President Rouhani Wants "Transparency"
So How Come It Isn't In This Deal?
(photo from
more realistic words have never been spoken, which makes me wonder why the deal denies transparency to potential inspectors of Iranian facilities by giving Iran nearly a month to get ready for inspection. It's easy to utter the word "transparent" but infinitely more difficult to deliver on it.  

     Meantime, if I need to heed the words of a phalanx of retired generals and admirals who have taken the time and trouble to sound off on this deal, I have some at hand.  Here's a list of 190 and their jointly signed letter in opposition to the agreement.  Their collection of backgrounds and expertise strikes me as much weightier and more informed than Powell's, a general who has already shown himself to be a willing part of a scam that cost this country plenty.  I know it's too late to stem the inertia built into the approval of the Iran deal, but I'm glad that unlike the virtually unquestioning support that the Iraq war got, we have a solid bloc of federal reps that are on the record as saying "not so fast." 


  1. I would personally be more 'comfortable' with the opposition of the SD delegation if they, or any ranking Republican had, at any time, offered a practical suggestion toward dealing with the Iranian nuclear program provoked by the actions of the previous administration. Indeed, the only suggestions I've read were considered impractical by our allies! I am reminded of a comment by the senior American diplomat negotiating a base agreement (1944) to a skeptical member of the United States Army: This is an agreement betwixt two sovereign nations, not a contract drawn up by two shyster lawyers in the back room of a pool hall.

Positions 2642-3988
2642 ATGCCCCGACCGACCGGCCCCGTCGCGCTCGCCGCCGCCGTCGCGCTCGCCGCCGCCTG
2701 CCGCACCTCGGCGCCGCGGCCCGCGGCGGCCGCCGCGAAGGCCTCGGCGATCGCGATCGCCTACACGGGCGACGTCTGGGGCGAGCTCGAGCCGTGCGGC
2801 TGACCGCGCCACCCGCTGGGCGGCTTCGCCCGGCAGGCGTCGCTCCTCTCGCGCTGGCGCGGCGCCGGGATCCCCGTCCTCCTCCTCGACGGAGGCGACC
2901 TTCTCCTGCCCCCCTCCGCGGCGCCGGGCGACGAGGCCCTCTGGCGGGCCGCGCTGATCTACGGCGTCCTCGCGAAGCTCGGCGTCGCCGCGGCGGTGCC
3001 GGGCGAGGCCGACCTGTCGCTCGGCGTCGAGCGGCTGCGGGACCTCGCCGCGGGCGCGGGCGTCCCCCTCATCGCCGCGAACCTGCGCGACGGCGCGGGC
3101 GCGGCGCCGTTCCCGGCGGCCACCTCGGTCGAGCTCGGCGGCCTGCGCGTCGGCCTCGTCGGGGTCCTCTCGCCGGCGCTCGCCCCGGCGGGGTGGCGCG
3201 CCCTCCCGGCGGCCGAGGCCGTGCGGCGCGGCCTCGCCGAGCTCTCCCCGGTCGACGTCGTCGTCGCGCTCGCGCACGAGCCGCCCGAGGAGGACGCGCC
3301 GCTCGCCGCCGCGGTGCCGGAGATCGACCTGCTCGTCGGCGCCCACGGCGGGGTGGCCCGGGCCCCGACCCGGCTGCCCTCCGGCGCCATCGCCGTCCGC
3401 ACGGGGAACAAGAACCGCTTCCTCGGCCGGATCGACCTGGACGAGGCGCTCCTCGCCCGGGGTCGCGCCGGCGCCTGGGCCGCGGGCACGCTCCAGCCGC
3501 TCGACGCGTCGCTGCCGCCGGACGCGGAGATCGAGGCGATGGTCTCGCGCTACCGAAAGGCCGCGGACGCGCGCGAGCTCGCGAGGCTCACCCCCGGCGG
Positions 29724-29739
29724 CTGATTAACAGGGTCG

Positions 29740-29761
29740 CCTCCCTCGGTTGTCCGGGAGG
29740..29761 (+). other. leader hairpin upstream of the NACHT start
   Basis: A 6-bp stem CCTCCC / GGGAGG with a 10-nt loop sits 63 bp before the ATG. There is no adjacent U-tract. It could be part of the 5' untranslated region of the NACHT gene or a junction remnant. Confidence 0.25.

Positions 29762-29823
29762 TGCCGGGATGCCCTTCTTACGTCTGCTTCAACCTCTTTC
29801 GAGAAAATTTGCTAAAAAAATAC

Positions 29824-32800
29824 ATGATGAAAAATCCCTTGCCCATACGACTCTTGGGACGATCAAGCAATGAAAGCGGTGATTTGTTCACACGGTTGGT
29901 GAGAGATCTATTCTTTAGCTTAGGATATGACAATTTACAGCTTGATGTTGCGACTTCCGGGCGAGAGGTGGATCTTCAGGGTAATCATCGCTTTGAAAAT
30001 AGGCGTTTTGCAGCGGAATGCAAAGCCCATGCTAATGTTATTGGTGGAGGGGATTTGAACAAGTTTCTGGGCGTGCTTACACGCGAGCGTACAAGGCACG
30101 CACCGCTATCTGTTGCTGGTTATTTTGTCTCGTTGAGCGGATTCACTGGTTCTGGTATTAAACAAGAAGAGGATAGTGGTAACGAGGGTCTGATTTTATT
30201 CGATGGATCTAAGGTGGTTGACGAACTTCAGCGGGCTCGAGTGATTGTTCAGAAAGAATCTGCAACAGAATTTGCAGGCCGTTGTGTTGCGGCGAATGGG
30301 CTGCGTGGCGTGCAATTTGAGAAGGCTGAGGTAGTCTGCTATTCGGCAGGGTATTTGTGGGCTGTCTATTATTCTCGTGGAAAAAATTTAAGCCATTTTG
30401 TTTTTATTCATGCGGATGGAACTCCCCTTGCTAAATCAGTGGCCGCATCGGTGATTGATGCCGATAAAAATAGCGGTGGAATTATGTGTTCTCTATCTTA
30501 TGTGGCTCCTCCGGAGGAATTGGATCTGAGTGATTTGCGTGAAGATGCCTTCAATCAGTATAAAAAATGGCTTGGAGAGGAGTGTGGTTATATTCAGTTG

As for General Powell, a Secretary of State parrots the company line when it comes to policy, or resigns. The former is commonplace, the latter has occurred twice in the whole of our history.

    Finally, whilst the process to inspect certain sites may take 24 days, that's a world of difference from saying the Iranians have 24 days before an inspection can take place. Indeed, if the Iranians were to drag out the process the other parties to the agreement would have every reason to register their disapproval in ways the Iranian government might not appreciate. In any event, please refer to the previous comment by an American diplomat who negotiated the right of the US to develop an airbase in the Azores despite the fact Portugal was a neutral nation.

  2. It seems that many overlook the fact that for the agreement to have any lasting effect, all parties involved will have to honor it. While this may not be the "best" deal it may be close to the best that could be negotiated, considering all the parties involved.

    And I don't think the American people have the stomach for another war in the Middle East, if the only other option was to bomb Iran's nuclear facilities.


  3. Iran to take Parchin military site samples with IAEA present - diplomats (Reuters)